Question of credibility
- The Election Commission acting like an extended wing of the government does not bode well for democracy
Jun 6, 2017-
The decision made by the Election Commission (EC) on June 3 to conduct re-polling in Ward No 19 of the Bharatpur Metropolis was preordained. The Nepali Congress (NC)-Maoist Centre (MC) alliance demanded re-polling right from the moment the counting of votes was halted a week ago. Vote counting was halted after agents of the MC mayoral candidate, Renu Dahal, allegedly tore 90 ballot papers. There was no mention of resuming the counting process. An instantaneous media campaign demanding the same emerged; it was as though the disruption of the counting
process was planned in advance as a pretext to demand re-polling.
The EC itself has been inclined not to act against the wishes of the NC-MC ruling coalition. Immediately after the impeachment motion against Chief Justice (CJ) Sushila Karki was registered, the Chief Election Commissioner Ayodhee Prasad Yadav, in rather unambiguous terms, referred to the proverbial sword of Damocles dangling above the head of each constitutional body should they refuse to succumb to government machinations. The re-polling decision, too, is just one among a series of favours the EC has meekly extended to the NC-MC government, flouting not only laws, norms and practices but also the electoral code of conduct.
Lately, the government’s highhandedness resurfaced in the election-related bill ratified by the Legislature-Parliament last January. The bill authorised the government to fix the dates of the elections instead of the EC. This was followed by the impeachment motions against the then chief of the Commission for the Investigation of Abuse of Authority, Lok Man Singh Karki, and recently, CJ Sushila Karki. Both motions were initiated by the parties in government and mooted in the House at the time of their convenience. The instance of the CJ impeachment further reinforces the theory that the NC-MC would not even bother to look into the substance of allegations in a motion as grave as impeachment once they decided to censure somebody. The message was loud and clear: no head or functionary of a
constitutional body can survive without the mercy of the government. This clearly led most constitutional bodies, including the EC, to be overly cautious and assume a subservient approach. Now, fumbling has become the functioning norm for the EC.
On April 23, when the government decided to hold the local elections in two phases—on May 14 and June 14—the EC gave in easily. Two clear problems presented themselves due to this decision. First, from the standpoint of universal practice, a month-long gap between two phases of the polls is too long. Allowing the votes to be counted and announcing the results in between the phases was also unprecedented, as the outcome, at least theoretically, would influence the pattern of voting in the next phase. Second, May 29, the constitutionally mandated date for the government to present the national budget fell in between the two election dates.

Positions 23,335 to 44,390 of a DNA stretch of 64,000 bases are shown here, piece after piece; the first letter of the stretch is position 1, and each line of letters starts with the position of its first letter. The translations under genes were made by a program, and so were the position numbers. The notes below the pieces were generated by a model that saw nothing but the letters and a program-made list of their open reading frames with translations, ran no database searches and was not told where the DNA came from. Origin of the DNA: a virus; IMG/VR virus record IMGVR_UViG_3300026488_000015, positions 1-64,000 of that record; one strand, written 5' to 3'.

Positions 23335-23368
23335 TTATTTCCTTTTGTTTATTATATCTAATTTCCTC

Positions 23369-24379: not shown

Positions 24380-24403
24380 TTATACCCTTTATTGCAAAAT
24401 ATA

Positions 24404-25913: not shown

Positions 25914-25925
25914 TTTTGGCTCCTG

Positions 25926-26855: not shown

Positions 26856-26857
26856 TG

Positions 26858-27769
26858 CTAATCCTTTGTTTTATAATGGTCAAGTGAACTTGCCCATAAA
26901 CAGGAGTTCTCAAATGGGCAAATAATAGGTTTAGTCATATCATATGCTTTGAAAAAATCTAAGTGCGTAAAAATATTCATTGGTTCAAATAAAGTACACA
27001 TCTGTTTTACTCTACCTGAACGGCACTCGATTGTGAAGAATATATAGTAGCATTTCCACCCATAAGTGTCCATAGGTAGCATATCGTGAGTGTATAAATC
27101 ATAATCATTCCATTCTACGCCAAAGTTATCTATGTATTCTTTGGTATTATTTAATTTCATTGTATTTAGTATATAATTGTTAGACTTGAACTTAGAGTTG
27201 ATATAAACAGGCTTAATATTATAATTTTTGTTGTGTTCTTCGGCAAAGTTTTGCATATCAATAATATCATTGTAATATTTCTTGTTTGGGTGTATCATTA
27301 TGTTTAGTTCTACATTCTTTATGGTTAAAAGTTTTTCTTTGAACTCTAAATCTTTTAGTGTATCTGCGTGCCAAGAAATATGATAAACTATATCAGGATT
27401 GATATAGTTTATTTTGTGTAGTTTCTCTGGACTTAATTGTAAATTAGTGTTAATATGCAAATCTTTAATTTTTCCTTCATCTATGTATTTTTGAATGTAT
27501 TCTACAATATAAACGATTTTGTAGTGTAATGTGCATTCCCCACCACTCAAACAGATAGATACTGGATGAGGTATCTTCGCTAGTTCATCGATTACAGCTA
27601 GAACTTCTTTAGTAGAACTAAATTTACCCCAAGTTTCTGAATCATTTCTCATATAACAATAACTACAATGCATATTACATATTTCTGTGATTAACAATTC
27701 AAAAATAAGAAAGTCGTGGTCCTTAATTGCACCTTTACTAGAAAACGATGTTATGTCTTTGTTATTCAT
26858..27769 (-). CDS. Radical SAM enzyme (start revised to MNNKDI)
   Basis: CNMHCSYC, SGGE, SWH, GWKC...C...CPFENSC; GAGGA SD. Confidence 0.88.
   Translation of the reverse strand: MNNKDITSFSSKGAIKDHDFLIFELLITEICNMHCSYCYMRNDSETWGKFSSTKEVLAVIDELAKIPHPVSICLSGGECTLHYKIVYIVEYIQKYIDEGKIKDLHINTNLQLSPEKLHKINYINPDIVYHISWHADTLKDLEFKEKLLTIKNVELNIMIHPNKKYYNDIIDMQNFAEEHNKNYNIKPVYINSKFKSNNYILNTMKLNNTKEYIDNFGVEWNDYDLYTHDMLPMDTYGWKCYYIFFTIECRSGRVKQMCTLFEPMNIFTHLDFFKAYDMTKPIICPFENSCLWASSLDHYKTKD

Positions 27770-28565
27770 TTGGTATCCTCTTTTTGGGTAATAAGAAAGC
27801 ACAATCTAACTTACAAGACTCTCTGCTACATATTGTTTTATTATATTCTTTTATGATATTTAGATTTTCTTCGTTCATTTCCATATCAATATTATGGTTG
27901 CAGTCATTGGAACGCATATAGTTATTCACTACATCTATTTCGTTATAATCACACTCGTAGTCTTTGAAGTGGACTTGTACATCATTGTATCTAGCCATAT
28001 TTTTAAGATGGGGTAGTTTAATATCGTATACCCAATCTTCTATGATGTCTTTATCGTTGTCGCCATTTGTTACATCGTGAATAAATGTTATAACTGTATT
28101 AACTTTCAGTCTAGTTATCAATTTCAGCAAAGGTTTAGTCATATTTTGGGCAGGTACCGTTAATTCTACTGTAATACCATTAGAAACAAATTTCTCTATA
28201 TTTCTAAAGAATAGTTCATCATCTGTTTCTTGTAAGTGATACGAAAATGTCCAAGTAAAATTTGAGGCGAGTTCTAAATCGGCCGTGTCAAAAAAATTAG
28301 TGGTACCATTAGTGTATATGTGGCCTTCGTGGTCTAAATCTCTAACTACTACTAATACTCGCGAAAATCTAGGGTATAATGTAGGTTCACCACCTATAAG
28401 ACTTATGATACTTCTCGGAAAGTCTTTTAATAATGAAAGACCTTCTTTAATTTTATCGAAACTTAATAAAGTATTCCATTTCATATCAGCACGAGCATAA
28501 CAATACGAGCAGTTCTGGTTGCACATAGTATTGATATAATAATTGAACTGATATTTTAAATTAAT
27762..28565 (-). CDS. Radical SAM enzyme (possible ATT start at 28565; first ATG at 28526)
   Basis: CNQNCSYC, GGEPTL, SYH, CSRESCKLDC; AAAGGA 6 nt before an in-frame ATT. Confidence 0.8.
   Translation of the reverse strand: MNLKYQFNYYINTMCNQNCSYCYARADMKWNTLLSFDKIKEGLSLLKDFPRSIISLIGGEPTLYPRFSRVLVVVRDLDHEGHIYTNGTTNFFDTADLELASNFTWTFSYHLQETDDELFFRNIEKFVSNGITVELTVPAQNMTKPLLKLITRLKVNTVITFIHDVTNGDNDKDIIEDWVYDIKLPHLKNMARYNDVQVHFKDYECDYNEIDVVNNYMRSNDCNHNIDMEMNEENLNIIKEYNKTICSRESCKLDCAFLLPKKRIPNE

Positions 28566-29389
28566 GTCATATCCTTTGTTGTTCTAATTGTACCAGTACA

The EC didn’t even have the temerity to say that the day for presenting the budget should not fall between the dates for two phases of the local elections. Initially, the EC suggested that the constitution be amended to change the date of the budget presentation; however, within a couple of days, it changed its stance. For the sake of mere formality, the EC cautioned the government ‘to present the budget in a way that doesn’t violate the election code of conduct.’ Apparently, the budget hasn’t paid heed to this doublespeak and vague code of conduct. Of course, in the larger national interest, the yearly ritual of presenting the budget should not be a part of this political fuss.
The EC didn’t have the muscle to stop the change in government right in the middle of the ongoing election process. It couldn’t even stop the political appointment of general managers for some key state-owned enterprises during the last days of the Pushpa Kamal Dahal-led government. Prime Minister Dahal inaugurated the ambitious Kathmandu-Tarai fast-track road, clearly flouting the electoral code of conduct. The EC behaved as though it did not have any code of conduct and as though it did not notice any of these supercilious overtures.
Going back to Bharatpur again, there are several uneasy questions that warrant answers for the larger interest of our democracy. The NC-MC created a poll
alliance in Bharatpur, but how could the nomination of the NC mayoral candidate Dinesh Koirala be withdrawn by a letter from NC President Sher Bahadur Deuba? What election rule validates such a letter, so much so that someone’s candidacy could be withdrawn even without their signature? Even after the ballot-tearing scuffle, why did the EC fail to take action against the candidate who instigated her agents to commit such an illegal act?
The Election (offence and punishment) Act, 2017 clearly defines that the destroying of ballots is tantamount to criminal offence and Section 23(4) of the Election Commission Act, 2017 empowers the EC to cancel a candidacy in the event of someone’s non-adherence to the election code of conduct. But the EC wouldn’t take that course because the candidate in question happens to be the daughter of outgoing Prime Minister Dahal.
The question here is not of the Bharatpur episode, but of the efficiency, independence, impartiality and credibility of the EC itself. The country has just entered into the election process and three crucial elections—local (second phase), provincial and federal—must be completed within a short span of eight months. As such, if the EC continues to act like an extended wing of the incumbent government, the elections conducted by such an institution may serve its masters but not democracy for sure.
- Wagle, a founding editor of the economic daily Arthik Abhiyan, is an eco-political analyst
Published: 06-06-2017 08:04